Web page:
Fun and games in Tehran. While the rest of the Middle East is grappling with the "Arab Spring," Iran has been indulging in its own bitter battle for pre-eminence between the President, Mahmoud Ahmadinejad, and the Supreme Leader, Ayatollah Ali Khamenei.
The battle has been raging over the past three weeks after Mr Ahmadinejad's decision to fire the head of intelligence, Haidar Moslehi. Khamenei intervened to insist the man be reinstated and published the letter telling him to do so. Ahmadinejad then threw a hissy fit and refused to attend cabinet meetings for 11 days, until the stand-off was finally resolved on Sunday, when the sour-faced Ahmadinejad returned to cabinet, spoke in praise of the Supreme Leader but continued to fire off darts at those around him.
It's the kind of spat that the Iranians, indeed the whole Middle East, love to retail in the cafés and bazaars, tales of who's in and who's out, not very different from the days of the Shah. Compared to this, today's tensions between Nick Clegg and David Cameron are but child acting.
And before anyone gets too excited – as Washington is – about what the struggle will mean for the outside world, it is worth remembering that it is as much as anything a court struggle, a spat over precedence with few direct implications for any fundamental change in Iran.
This, is after all, a fight for power within the system. Ahmadinejad has offended not just Khamenei but parliament and conservatives by pursuing a policy of putting his own men in positions of power and promoting, in particular, the position of his chief of staff (rejected for ministerial position by Khamenei) Esfandiar Rahim Mashaei.
Khamenei has responded by gathering clerics and conservatives alike to defend his constitutionally established position as final arbiter of affairs, civil as religious, in the country.
In terms of internal politics, Ahmadinejad's challenge to theocratic rule (the velyat) and his attempt to wrestle power away from the clerics to presidential government is not an inconsiderable one. In terms of the future of the country it doesn't really resolve much. President Ahmadinejad has clearly been weakened and may now end up as a lame-duck leader with two years to go before the presidential elections of 2013. But he still has a lot of energy and some support from his generation of war veterans. Khamenei has asserted his authority but may also have weakened it by having to demonstrate it so publicly and with such effort. The liberals, still cowed by determined oppression, have no say in the fight.
Does that mean an Iran stuck in a convoluted and fractious theocratic rut for the foreseeable future? Not necessarily. So far, it has managed to avoid getting sucked into the uprisings sweeping the rest of the Middle East, partly by acclaiming them as fulfilling its long-term calls for the overthrow of western-supported autocracies.
The uprisings in its ally Syria and its support for Assad rule there, has badly undermined its right to moral leadership in the Middle East (which matters to it) and threatened its most important ally in the Arab world as well as its avenue of influence in Palestine and Lebanon.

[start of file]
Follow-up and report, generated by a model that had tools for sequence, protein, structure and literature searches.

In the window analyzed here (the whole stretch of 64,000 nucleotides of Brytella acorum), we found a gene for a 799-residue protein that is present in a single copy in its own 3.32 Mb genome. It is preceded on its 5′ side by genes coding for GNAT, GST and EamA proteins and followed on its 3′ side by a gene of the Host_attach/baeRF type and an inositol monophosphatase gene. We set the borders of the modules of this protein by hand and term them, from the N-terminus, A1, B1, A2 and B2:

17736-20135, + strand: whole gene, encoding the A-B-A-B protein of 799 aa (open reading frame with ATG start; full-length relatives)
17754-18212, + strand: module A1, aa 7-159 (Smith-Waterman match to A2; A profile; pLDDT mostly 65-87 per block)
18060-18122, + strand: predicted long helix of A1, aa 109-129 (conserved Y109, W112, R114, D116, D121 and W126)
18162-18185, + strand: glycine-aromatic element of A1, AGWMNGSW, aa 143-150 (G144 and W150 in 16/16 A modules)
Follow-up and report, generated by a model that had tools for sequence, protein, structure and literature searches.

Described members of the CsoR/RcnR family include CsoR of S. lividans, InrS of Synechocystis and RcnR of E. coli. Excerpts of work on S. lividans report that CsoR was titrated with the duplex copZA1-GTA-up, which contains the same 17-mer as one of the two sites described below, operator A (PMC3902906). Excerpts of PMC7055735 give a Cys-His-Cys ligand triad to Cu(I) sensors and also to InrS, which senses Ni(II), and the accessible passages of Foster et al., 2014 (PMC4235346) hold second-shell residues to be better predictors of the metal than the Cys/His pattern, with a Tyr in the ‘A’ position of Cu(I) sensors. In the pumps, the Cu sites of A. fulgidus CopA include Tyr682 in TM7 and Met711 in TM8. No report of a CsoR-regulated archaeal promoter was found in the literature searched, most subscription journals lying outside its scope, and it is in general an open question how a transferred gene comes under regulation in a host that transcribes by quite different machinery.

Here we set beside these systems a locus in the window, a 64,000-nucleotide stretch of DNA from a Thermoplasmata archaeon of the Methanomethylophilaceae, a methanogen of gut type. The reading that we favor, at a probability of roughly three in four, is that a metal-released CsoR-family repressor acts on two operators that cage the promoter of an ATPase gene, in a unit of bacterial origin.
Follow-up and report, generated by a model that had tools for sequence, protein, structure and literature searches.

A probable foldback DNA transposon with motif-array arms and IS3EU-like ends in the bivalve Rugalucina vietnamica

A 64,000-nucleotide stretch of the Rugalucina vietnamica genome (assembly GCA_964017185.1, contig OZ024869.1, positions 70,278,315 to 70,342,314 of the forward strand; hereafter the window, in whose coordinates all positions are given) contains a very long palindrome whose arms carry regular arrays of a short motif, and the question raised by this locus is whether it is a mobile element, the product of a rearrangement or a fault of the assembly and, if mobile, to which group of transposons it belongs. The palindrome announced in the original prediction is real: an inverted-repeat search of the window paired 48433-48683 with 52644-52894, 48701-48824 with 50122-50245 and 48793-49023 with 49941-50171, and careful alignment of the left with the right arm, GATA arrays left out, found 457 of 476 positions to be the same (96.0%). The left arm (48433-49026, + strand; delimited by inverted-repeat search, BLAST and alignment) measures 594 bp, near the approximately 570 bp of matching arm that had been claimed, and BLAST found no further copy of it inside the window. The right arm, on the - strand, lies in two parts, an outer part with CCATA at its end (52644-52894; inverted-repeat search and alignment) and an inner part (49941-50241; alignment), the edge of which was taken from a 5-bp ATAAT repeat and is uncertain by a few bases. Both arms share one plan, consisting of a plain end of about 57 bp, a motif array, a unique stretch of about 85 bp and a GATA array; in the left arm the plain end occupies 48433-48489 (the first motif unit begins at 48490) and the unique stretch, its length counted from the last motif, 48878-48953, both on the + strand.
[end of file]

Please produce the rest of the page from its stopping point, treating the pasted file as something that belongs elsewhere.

At the same time, in today's world of social networks and internet communication, it's difficult to believe that people in Iran, and especially the young, aren't influenced by what is happening elsewhere in the region. After all, the frustrations which have impelled so many to take to the streets elsewhere – corruption, political oppression and economic sclerosis – are mirrored in Iran too.
While the big beasts fight it out at the top in Iran, there are deeper social forces moving below.
It's too early to write off the revolutions
It was inevitable that people would start pointing out the frailties of the revolution that so quickly overturned the regimes of Tunisia and Egypt and threatened to upend so many others. And so they have. The latest outburst of sectarian killing between Muslims and Coptic Christians in Egypt has set off a barrage of despairing predictions of what will come and could, it is claimed more insidiously, occur in Syria were the Assad rule to be ended. Even Tunisia, where it all started and the revolt triumphed so quickly, has been picked apart for signs of fractioning before the elections there in July.
That may be fair comment. But to criticise the uprisings for their amorphous nature is to denigrate them for the quality that makes them so important and so heartening. It is precisely because they are a movement of rejection of oppressive political and economic structures, a demand for freedom rather than a transfer of power to themselves, that the protests have managed to garner such wide report. And it is because they are so unformed that a power-vacuum has resulted.
It is a vacuum that is bound to attract the most aggressive elements in society and, over time, foreign meddling. In the case of Egypt, the violence against Christians seems to have been largely stirred up by extreme Salafi groups. Those within Egypt accuse them of being orchestrated by pro-Mubarak forces trying to stir up chaos. That may or may not be true although, given the past of attacks on Copts, it is not a necessary explanation.
The encouraging factor in Egypt is that almost every newspaper and public voice has condemned the violence absolutely. Before we write off the country's prospects, or overstate the risk of a fundamentalist challenge in Tunisia, let's trust their people to want the right thing and support them in gaining it.